"I can get an internist, but I can't get the big stuff on trade."
"You done all you can." They stood silent a minute. "What about our contact up north? Bernard is it?"
Sam said, "You'll like him. Look for an old pickup, a Tacoma, one you have to drive yourself. Look for a skinny guy a little older than us. T-shirt probably, baseball cap."
The Tacoma had an extended cab with jump seats behind the front seats. Carl helped Marion into the passenger seat and clambered behind her. Bernard started the gasoline motor and moved the truck onto an old state highway of buckled tar.
"You like doing your own driving," said Carl.
"I don't want any connections," said Bernard, pointing skyward, "in or out."
"They can still track you with cameras and radar."
"Not if they're shot out," said Bernard. "By the way, you got your signals shut off?"
"My privacy settings don't allow tracking."
"Not good enough. Turn 'em off."
Bernard crossed to the opposing lane to avoid a large buckle in the road. He crossed back.
"The news is not good," he said. "Things have been changing."
"We been hearing that," said Carl.
"Up to a few months ago," said Bernard, "I could set you this side of the border. You could walk across and a samaritan on the other side would take you in. Just a matter of logistics."
"And the samaritans, they're gone?"
"The first problem," said Bernard. "The land border's been defoliated and mined."
"Mined?" said Marion.
"Set off by motion detection. Next, it used to be you could get into their health system if you had a sponsor, or just walked into a hospital. Now you get deported. Third—"
Was there need for a third?
"The mood's changed. It's dangerous to be a samaritan or sponsor."
"Then what are we doing?" said Carl.
The truck sidled onto a side road and stopped. Bernard pushed open his door and slipped to the ground. Carl heard a grinding noise as Bernard pulled at a metal object from under the front seat. A rifle with a scope emerged.
"I'll be right back." Carl walked fifty feet along the road then dropped into the woods.
Marion turned a quarter in her seat. "I'm getting to be too much a drag on everyone. Especially you."
Carl took her hand. "Don't want to hear that."
A few hundred feet ahead, the rifle popped.
"I'm just saying," said Marion. "Nobody lives forever."
The rifle popped twice more.
"Don't want to hear it."
Bernard reappeared. He stowed the rifle and started the truck.
"I'm taking you to our so-called underground clinic," he said. "Doctor Rodriguez."
"What can they do for me?" said Marion.
"I don't know but I wanted to try that first."
The clinic looked like an old middle school with a flat, open design. Marion and Carl waited in one of the former classrooms along with fifty other patients, separated from the others by a hospital curtain. Carl sat on a plastic chair while Marion leaned back at forty-five degrees on a gurney. She dozed. Three hours after arriving, Doctor Rodriguez dropped behind the curtain with a female technician.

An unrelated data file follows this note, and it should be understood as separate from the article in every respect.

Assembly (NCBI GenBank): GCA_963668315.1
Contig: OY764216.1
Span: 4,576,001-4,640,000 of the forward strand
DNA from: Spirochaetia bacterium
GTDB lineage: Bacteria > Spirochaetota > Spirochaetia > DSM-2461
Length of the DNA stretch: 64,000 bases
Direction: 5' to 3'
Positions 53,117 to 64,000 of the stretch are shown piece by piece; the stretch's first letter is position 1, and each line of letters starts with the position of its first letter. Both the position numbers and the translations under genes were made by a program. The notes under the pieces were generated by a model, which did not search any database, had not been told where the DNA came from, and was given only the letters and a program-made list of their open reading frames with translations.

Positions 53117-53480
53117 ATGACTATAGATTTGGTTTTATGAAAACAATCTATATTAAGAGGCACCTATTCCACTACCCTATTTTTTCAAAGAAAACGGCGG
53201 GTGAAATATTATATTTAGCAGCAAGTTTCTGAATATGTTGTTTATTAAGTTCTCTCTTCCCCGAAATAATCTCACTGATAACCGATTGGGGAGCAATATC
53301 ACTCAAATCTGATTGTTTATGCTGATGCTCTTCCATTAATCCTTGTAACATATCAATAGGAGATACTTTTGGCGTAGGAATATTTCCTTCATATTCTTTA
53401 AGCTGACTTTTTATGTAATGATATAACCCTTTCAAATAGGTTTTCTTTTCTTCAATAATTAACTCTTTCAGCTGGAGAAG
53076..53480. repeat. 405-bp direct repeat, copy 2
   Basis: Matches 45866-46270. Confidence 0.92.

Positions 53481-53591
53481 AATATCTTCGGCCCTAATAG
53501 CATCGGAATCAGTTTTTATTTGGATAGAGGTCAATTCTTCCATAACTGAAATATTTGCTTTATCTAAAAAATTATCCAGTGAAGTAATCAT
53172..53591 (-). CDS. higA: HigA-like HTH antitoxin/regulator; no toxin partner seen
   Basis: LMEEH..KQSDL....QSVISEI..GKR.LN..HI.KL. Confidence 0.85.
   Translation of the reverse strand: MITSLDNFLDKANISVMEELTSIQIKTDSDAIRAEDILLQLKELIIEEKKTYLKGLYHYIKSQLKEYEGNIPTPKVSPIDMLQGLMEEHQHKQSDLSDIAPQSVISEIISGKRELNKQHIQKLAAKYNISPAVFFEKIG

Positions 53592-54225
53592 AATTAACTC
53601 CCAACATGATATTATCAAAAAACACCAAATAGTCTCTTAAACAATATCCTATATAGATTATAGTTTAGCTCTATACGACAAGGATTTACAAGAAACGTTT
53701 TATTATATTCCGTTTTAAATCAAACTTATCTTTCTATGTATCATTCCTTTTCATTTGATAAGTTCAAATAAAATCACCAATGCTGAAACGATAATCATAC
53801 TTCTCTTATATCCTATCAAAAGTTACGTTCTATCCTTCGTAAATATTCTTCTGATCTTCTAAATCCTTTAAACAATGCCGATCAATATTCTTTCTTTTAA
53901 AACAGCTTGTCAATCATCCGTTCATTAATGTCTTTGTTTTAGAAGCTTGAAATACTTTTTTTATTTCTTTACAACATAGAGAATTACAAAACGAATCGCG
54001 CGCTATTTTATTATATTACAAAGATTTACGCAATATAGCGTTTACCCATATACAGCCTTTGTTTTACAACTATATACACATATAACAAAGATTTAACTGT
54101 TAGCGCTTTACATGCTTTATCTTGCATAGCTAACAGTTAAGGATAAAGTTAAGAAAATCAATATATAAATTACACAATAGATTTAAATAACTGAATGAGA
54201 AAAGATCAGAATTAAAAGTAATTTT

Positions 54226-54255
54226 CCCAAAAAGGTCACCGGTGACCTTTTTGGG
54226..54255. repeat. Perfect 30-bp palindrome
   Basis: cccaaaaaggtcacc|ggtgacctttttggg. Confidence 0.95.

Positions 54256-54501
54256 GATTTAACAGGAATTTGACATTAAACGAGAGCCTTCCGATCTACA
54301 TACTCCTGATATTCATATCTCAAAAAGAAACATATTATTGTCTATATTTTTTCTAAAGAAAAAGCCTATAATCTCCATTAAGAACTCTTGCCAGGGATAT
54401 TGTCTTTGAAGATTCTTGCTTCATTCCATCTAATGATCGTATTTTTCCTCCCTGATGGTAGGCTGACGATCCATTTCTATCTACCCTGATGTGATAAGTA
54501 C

"Sorry for the wait," she said. "Take that gown off, Marion."
The technician ran a wand over Marion's body while Rodriguez looked in the middle distance. The doctor glanced over and the technician left.
As Marion dressed, Rodriguez sat on the edge of the gurney. "We can give you some heavy duty medication for the pain."
"Is that it?"
Rodriguez stood and hooked a finger. "Carl, you want to come with me." Carl followed the doctor to an alcove where she unlocked an overhead cabinet and removed two vials of tablets.
Rodriguez said, "We send the occasional cancer patient down to Cornell but our resources only allow one in eighty. How do you triage that?"
"If you could leave a donation up front, whatever you can."
"Listen to me, Carl. I'm giving you two hundred tablets. One every six hours as needed." She paused. "If you take more than that, they're lethal. Three will probably kill you. Five for sure. Do you understand what I'm saying?"
"Three probably, five for sure," said Carl.
Rodriguez put a hand on Carl's arm, dropped it, and disappeared.
Carl had imagined Bernard a recluse in a storage container at the edge of civilization, but he lived in a normal-looking townhouse with a normal-looking wife and a half normal-looking grown-up son. Carl scraped his kitchen chair alongside Bernard's. An overhead light illuminated a large-scale paper map open on the kitchen table. Across the breakfast counter, the darkened living room flickered from an ancient flat-screen monitor. Bernard's son and wife sat on a couch watching it. Marion lay asleep in a recliner. Carl started to get up as she wriggled and moaned, but she fell back into her sleep, and Carl turned his attention to the map.
"Here we are," said Bernard, placing a forefinger. He dragged it westward. "And here the border runs into the river." Bernard looked up. "But the north shore is mined and guarded these days."
Bernard's finger pushed down and to the left—upriver—into Lake Erie. "Best bet is the lake. Come ashore north side, here, just past this jutting-out part."
"How do we do that?"
"You'll be getting a skiff with a small motor. You'll be starting at this point on the east shore."
Carl sat up. He was no sailor, and this looked like a large body of water. Bernard didn't seem to appreciate his concern. "You can't turn on a GPS," he said. "But dead reckoning won't be hard."